Jennifer C. Ingrey
A survey of key contributors and theoretical tensions in the applications of queer studies in education is purposefully partial namely because of the impartiality embedded in the nature of ‘queer’, a verb whose action unsettles, dismantles and interrogates systems of normalization, beginning with heteronormativity and heterosexism. Queer theory emerged in the 1990s before influencing education, including both elementary and secondary schooling; however, queer is complex in that it involves the signifier or signified term: it is both the integration of queer content in curriculum as well as the practice of queering educational practices (i.e., curriculum, pedagogy and practice). The queering of pedagogy involves the queering of the educational subject, both teachers and students. In such a survey of queer in education, the ontological groundings for queer are important to consider given the paradoxical nature of queer to unpack and unsettle whilst maintaining its hold on an identity category in order to do its unsettling work. Indeed, the consequent recognition of the subjecthood of queer in educational contexts is a significant note in this attention to queer’s application in education. Queer also moves beyond not only an inclusion of queer content, but also exceeds queer sexualities to cohere and contrast with trans-infused approaches. Queer theory considers that the future of queer may well exceed beyond sexuality and gender altogether to become a practice of unsettling or critique more generally. Its continuity in education studies as well as its potentially impending expiration are concerns of scholars in the field.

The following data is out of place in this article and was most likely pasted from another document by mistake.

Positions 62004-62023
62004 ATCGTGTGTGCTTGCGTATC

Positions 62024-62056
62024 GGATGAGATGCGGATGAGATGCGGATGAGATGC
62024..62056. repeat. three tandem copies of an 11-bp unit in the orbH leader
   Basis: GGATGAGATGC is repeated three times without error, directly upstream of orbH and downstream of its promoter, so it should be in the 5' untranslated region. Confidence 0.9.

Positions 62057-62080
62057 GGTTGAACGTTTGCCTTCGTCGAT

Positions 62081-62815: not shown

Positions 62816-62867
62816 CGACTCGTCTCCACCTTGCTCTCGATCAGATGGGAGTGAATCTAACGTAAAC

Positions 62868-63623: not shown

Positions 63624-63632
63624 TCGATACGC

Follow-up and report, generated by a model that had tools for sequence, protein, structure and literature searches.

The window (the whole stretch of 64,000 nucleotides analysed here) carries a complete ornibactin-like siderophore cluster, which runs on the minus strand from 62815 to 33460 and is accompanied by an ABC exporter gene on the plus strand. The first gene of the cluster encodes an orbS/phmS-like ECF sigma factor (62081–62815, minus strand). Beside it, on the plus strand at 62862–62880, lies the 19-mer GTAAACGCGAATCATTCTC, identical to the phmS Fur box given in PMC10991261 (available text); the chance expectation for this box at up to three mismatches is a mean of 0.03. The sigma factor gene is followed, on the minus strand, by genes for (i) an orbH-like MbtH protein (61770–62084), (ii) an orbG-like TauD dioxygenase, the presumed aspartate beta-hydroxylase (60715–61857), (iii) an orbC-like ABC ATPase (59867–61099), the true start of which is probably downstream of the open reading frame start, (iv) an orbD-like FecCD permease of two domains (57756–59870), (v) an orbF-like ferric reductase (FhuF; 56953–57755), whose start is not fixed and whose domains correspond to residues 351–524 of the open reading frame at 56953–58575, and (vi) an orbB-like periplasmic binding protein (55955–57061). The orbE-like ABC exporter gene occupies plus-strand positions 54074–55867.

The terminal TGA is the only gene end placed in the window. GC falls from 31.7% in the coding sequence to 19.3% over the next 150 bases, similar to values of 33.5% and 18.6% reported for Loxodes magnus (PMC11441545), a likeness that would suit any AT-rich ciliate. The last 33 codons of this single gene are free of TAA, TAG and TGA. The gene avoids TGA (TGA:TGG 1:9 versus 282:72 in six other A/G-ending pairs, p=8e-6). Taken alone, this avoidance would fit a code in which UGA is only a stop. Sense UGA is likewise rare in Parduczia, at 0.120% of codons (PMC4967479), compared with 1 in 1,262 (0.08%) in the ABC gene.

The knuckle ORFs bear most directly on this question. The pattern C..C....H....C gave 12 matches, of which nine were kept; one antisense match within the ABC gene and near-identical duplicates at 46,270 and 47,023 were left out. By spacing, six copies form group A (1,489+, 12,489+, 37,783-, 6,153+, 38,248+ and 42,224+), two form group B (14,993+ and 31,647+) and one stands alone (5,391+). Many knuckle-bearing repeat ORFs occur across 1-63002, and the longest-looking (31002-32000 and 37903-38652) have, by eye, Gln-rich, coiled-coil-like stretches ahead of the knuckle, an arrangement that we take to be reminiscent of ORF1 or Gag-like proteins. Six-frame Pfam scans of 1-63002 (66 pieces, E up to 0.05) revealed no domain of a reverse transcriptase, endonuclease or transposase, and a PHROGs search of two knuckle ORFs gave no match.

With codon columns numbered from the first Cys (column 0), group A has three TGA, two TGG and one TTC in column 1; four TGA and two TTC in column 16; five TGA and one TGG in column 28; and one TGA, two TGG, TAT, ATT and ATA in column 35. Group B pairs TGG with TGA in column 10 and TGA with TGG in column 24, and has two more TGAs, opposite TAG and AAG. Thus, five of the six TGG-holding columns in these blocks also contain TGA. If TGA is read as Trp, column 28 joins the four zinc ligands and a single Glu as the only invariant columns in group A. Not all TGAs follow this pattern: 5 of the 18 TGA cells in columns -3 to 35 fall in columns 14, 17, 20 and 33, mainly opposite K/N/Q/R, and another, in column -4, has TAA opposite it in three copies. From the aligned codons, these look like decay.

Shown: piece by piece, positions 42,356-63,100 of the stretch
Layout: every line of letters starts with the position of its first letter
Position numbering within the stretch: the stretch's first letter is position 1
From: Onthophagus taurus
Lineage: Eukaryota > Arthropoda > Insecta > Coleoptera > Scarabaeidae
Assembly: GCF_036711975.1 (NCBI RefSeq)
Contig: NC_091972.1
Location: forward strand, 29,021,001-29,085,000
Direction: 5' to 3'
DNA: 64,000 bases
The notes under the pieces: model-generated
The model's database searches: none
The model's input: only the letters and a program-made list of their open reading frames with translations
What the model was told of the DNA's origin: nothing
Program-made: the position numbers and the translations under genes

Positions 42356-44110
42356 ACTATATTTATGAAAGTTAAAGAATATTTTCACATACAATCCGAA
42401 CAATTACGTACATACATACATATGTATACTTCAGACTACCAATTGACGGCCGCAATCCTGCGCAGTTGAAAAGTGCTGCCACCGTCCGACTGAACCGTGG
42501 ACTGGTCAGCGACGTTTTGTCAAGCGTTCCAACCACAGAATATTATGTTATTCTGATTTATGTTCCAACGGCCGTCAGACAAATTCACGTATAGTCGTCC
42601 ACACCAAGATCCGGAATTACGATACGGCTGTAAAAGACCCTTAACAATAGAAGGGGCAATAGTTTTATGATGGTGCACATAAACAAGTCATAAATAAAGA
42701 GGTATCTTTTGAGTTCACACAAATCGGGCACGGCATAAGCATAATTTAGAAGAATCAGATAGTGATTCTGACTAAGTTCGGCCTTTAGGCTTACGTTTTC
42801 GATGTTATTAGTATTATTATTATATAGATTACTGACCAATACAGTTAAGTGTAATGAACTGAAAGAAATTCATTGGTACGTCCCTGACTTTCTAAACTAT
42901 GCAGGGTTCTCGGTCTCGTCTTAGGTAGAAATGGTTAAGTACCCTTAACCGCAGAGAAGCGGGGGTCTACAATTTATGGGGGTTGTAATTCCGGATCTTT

Activities that actively and deliberately support museum visitors’ engagement with art and promote learning occupy a distinct, though contested, place in the history and current framing of the art museum across the globe. Despite its many benefits, educational work in art museums has grown erratically, frequently without formal structures, systems, or strategies, and it has been critiqued in the past for lacking a robust theoretical framework and consistent methodological principles. It remains the case that the field is broad, diverse, and continually evolving; in the early 21st century, the boundaries are shifting, for example, between what constitutes curatorial practice and learning practice in contemporary art museums. This fluidity and heterogeneity has enabled the emergence of creative and responsive practice that encourages visitors to learn with, through, and about art, but it poses challenges when the goal is to present a coherent overview. Therefore any summary of this complex domain will necessarily be selective. Nonetheless, taking the practice as it has been developed in the United Kingdom and the United States, where this work has been theorized and communicated to the greatest extent (and with reference to the practice in Europe, Canada, and Australia), it is possible to identify common historical developments, shared philosophical and pedagogical principles, and collective challenges and opportunities that contribute to a comprehensible picture, albeit one that is replete with contradictions. As a field, art-museum education continues to define itself. And although valuable research and theorization have been undertaken, in part by practitioners drawing on their own experiences, further work is required, not least to broaden the understanding of the practice as it is manifest globally and to make explicit the increasingly important role of art education within the art museum.